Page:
The pandemic proves D.C. needs statehood now
Since the founding of our republic, citizens of the District of Columbia have lacked various democratic rights enjoyed by their fellow Americans who live in full-fledged states. During the Covid-19 pandemic, that fundamental inequality has proven deadly, and must be addressed as soon as possible.
Without statehood, D.C. is limited in its ability to raise revenue, since all of its laws are subject to Congressional approval and much of its land is federally-owned and therefore untaxed. Despite having state-like duties, from education to road maintenance, the District is explicitly barred from taxing the wages earned by non-residents who work within its borders, unlike any other state. The prohibition on such state revenue collection practices makes it hard for the District to respond to crises such as the pandemic.
Although it is normally treated like a state in federal formula-based funding programs, that privilege is subject to the whims of lawmakers. In the pandemic relief bill that passed last March, D.C. was treated like a territory instead, and therefore received half the aid to which it was entitled. That represented a loss of $755 million, which was only made up for later after intense lobbying.
It is sickening to see how a nation founded on the ideal of equal representation has disenfranchised the residents of its own capital. D.C. has nearly 700,000 residents, more than the population of Vermont and Wyoming. D.C. residents also pay more taxes per capita to the federal government than their counterparts in any other state, yet we don’t have a voice in Congress. We are treated as second-class citizens, despite having the same responsibilities as other states, such as serving in the military if a draft were to be reinstated. And this is clearly against the consent of the governed: In 2016, 86% of D.C. residents voted in favor of becoming the nation’s 51st state.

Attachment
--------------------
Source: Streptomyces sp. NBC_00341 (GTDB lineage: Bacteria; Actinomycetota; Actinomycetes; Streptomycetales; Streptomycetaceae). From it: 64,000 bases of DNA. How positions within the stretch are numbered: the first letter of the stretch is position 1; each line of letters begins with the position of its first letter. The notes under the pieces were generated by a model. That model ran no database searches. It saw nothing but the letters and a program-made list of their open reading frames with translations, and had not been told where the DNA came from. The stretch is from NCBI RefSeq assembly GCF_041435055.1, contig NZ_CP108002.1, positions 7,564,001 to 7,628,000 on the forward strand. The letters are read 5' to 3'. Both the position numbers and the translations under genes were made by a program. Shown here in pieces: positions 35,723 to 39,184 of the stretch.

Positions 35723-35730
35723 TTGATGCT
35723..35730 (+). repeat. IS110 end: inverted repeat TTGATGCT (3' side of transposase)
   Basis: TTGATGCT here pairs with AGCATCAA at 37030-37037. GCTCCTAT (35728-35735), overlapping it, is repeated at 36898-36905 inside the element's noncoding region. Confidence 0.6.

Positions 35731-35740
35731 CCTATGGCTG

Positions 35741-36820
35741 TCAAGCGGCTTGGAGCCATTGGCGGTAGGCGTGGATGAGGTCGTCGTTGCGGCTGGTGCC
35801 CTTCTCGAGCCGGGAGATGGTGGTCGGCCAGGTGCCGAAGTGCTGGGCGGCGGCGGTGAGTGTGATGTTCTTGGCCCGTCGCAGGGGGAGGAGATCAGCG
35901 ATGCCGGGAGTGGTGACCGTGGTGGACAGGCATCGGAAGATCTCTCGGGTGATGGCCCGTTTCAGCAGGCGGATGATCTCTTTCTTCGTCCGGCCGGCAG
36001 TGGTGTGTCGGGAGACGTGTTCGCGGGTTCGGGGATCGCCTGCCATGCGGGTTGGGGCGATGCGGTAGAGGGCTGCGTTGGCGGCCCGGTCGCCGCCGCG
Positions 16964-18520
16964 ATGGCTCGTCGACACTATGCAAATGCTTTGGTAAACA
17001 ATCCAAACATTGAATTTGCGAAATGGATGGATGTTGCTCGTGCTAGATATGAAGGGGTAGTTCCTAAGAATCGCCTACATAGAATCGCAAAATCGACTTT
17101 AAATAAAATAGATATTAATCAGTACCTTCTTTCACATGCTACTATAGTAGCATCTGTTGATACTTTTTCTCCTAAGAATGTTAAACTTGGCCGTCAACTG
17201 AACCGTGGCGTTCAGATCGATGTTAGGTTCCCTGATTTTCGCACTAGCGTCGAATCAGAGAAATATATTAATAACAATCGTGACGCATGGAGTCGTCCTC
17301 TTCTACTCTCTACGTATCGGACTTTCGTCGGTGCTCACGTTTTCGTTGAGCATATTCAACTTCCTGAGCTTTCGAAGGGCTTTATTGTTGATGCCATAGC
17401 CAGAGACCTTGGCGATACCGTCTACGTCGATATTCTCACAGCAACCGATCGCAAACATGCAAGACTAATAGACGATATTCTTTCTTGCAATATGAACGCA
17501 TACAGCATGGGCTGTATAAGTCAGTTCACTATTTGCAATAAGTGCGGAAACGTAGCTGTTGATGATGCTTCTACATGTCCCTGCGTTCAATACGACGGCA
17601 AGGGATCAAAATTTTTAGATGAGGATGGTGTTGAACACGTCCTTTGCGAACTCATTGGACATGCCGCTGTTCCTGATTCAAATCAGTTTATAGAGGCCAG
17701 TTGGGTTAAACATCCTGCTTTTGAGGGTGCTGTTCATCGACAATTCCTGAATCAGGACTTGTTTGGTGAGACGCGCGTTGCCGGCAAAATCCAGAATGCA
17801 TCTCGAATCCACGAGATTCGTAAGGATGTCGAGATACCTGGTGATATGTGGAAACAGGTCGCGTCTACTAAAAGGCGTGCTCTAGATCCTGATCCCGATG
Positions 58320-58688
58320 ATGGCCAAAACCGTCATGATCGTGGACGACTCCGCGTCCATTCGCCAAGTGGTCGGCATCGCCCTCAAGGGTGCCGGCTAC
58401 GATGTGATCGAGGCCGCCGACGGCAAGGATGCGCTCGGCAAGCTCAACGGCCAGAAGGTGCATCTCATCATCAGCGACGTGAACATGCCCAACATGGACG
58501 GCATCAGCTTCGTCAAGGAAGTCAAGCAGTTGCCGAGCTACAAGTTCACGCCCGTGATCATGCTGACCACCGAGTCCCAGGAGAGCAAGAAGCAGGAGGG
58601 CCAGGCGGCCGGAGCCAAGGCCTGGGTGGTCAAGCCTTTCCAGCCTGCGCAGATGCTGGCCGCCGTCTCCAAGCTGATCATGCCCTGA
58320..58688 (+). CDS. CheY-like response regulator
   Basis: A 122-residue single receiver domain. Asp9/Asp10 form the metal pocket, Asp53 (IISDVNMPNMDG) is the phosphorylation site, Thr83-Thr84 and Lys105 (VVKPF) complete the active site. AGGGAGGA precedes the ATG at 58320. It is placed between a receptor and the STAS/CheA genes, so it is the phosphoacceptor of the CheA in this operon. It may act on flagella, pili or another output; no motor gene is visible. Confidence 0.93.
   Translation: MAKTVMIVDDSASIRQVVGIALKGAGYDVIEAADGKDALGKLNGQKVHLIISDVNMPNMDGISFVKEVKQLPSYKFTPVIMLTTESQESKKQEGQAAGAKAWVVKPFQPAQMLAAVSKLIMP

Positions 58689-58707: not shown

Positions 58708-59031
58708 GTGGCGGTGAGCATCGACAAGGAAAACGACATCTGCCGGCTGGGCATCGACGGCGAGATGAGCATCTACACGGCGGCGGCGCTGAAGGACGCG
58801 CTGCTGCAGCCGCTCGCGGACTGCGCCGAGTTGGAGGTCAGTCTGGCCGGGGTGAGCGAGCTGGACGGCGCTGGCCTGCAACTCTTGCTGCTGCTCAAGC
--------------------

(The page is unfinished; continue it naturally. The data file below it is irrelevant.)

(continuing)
Recent events have only highlighted further the perils of keeping D.C. an unequal territory. During the Capitol insurrection on Jan. 6, since we lack control of our own National Guard, a mob was able to terrorize the Capitol building with little resistance. Not only did this situation pose a grave physical threat to members of Congress, it was also likely a Covid-19 super-spreader event. Shock over the lack of preparedness by federal authorities for an openly planned attack has reinvigorated residents’ demands for the same Congressional representation that all other Americans enjoy.
While electing two senators with full voting rights will not put an end to the traditionalist vehemence on display at the Capitol that day, representation will provide residents with a voice in debates that have profound consequences for their lives.
Rep. Oye I. Owolewa has served as one of D.C.’s non-voting members of Congress since 2021.